The halting of an unauthorised production of the hit musical Hamilton by a Texas-based church has highlighted the risks involved in copyright infringement – as well as the infringement of moral rights. Emma Mitchell and Jacqueline Simpkin from our Law and Trade Marks team discuss the case and how it applies in an Australian context.

Background

The team behind the Tony award-winning musical, ‘Hamilton’ (Hamilton) has alleged that a Texan church known as ‘The Door McAllen’ (the Church) infringed copyright in the work by performing and streaming an unauthorised production of the well-known stage show in early August.

The following day, fans of the musical immediately alerted Hamilton to the existence of the performance, which had been streamed by the Church on YouTube. Clips of the performance quickly went viral on the social media platform TikTok alongside the hashtag ‘Scamilton’.

Hamilton immediately issued a cease and desist letter demanding that all content relating to the performance be removed from the internet. Hamilton gave permission to the Church to proceed with their scheduled second (and final) performance that evening on a without prejudice basis, and subject to strict conditions including the non-publication of content relating to the performance and the payment of an undisclosed sum of damages.

Of particular concern to Hamilton was the Church’s modifications to the original script and lyrics which included multiple references to Jesus and other overt Christian ideologies, as well as a sermon that God could ‘cure’ people of homosexuality and addiction issues.

The creator of ‘Hamilton’, Lin-Manual Miranda is a staunch supporter of LGBTQIA+ rights and famously delivered an emotional acceptance speech honouring victims of the mass-shooting at an Orlando nightclub at the 2016 Tony Awards. In response to the Church’s performance, a spokesperson for Hamilton said:

The Hamilton family stands for tolerance, compassion, inclusivity and certainly LGBTQ+ rights. We are in the process of reviewing the unauthorised changes made to the script to determine further action.

The spokesperson later told The New York Times that the undisclosed sum of damages paid by the Church would be donated to a charity which supports the LGBTQIA+ community in Texas.

Copyright infringement

In order to mount a production of a play or musical, it is crucial to obtain the right to do so from the owner of the copyright in the works (being the music, lyrics, and script). Generally, rights to perform shows are not available to third parties for some time after the show has run professionally. This includes rights for schools, amateur drama societies or even churches to perform those works. In most cases, a licence fee will be payable. Any performance without those rights will infringe copyright in the works.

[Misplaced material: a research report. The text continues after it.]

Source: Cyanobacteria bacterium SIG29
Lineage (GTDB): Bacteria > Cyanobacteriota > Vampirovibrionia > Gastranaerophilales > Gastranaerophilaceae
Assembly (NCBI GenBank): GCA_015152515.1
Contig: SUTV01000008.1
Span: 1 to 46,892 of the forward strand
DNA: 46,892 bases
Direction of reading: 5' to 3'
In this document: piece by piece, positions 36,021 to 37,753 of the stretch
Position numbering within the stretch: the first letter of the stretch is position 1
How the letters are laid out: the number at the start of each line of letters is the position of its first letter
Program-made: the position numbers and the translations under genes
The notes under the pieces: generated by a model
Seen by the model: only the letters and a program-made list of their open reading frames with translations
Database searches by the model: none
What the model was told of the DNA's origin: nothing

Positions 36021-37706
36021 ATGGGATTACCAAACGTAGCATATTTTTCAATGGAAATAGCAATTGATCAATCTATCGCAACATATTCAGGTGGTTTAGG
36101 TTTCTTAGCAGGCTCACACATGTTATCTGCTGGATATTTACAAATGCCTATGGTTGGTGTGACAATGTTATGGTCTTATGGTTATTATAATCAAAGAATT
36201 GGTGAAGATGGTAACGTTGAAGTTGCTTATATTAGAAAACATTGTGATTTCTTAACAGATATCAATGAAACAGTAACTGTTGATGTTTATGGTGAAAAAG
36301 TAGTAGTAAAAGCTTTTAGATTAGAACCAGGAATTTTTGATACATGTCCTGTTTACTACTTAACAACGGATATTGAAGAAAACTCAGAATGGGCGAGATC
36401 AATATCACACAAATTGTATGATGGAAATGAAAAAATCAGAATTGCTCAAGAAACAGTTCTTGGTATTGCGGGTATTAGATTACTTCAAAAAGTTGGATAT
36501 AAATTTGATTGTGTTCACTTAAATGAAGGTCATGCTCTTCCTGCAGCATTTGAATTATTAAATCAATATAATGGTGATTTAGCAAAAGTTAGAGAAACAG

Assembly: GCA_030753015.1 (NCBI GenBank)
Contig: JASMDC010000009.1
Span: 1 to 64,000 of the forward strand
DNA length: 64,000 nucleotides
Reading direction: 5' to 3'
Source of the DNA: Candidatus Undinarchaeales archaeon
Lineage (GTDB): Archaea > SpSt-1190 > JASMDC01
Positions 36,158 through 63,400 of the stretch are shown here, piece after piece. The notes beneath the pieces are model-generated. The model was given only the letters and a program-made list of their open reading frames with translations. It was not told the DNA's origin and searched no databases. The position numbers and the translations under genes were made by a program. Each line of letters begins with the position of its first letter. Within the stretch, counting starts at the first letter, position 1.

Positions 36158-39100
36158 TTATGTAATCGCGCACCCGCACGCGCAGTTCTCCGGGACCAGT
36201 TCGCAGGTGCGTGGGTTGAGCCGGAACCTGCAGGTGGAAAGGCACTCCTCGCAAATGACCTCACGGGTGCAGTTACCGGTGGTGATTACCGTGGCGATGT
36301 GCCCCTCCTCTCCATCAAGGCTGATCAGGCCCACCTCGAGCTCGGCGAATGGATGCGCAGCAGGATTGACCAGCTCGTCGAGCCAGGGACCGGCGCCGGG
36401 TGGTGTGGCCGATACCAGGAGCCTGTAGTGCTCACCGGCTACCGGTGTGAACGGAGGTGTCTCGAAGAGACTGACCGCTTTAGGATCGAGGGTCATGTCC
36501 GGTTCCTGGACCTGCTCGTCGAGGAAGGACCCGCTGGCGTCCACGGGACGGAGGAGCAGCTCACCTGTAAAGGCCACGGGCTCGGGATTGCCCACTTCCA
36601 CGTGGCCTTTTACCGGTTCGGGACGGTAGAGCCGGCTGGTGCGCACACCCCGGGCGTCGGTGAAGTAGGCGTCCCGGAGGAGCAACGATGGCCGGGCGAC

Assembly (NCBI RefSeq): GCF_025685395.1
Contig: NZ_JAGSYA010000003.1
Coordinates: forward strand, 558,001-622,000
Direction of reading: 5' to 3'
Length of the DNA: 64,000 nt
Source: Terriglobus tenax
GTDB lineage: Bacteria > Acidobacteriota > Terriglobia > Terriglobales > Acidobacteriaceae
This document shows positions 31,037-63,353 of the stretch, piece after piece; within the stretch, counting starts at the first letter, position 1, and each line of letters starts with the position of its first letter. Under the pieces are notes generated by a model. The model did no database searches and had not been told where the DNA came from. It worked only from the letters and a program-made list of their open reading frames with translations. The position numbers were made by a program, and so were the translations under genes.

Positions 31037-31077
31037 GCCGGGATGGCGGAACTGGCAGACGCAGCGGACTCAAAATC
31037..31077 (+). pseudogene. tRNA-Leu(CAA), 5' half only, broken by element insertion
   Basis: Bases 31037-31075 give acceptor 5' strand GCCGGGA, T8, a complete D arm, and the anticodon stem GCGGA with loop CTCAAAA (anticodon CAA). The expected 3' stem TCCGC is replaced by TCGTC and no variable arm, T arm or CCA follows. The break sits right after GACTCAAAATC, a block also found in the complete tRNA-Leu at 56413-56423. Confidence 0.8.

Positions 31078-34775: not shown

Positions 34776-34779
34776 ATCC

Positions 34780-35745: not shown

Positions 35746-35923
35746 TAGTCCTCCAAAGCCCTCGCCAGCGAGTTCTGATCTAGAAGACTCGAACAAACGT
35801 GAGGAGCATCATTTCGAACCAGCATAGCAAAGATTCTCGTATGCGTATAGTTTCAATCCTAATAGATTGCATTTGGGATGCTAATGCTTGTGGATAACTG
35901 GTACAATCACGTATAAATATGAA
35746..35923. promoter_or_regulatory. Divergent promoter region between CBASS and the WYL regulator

Exemptions to copyright infringement for religious institutions: United States

In the United States, in addition to a ‘fair use’ defence to copyright infringement (which is similar to Australia’s ‘fair dealing’ exemption), religious organisations may perform ‘dramatico-musical works of a religious nature’ in the course of services at a place of worship or other religious assembly without infringing copyright.

Legal commentary in the US surrounding the Church’s performance considers that the performance is highly unlikely to qualify for protection as Hamilton is not itself a religious work (despite some minor biblical references), and the exception to infringement is “not a free license to perform any play that references God”.[1] It should also be noted, the Church’s rendition was arguably not performed in the course of a religious service.

Exemptions to copyright infringement for religious institutions: Australia

In Australia, registered charities (including some religious organisations) may play sound recordings in public ‘as part of the activities of, or for the benefit of [the registered charity]’, provided that any proceeds from an admission charge are applied only for the purposes of the registered charity.[2] This exemption is narrower than its US counterpart.

A fair dealing exemption may also apply depending on the circumstances of the reproduction of copyright works, which include reproductions for the purpose of parody or satire, criticism or review.[3]

Infringement of moral rights

In certain circumstances where a copyright work has been modified, the author may pursue an action for infringement of their moral right to integrity of authorship.[4] To establish such infringement, the person must prove that the modification to the work is prejudicial to the author’s honour or reputation, amounting to derogatory treatment.[5] If the Hamilton scenario to occurred in Australia, the inclusion of anti-LGBTIQA+ content may constitute an infringement of moral rights, particularly given that Miranda is a strong supporter of the LGBTIQA+ community.

Key takeaways

  • Organisations should obtain explicit permission to exploit copyright works, noting that in the case of dramatic works there can be multiple permissions required to cover lyrics, script and music.
  • Religious organisations which are registered charities may rely on very limited exemptions to actions for copyright infringement in Australia.
  • Where online infringement is involved, it is imperative to act quickly to mitigate infringing content going viral.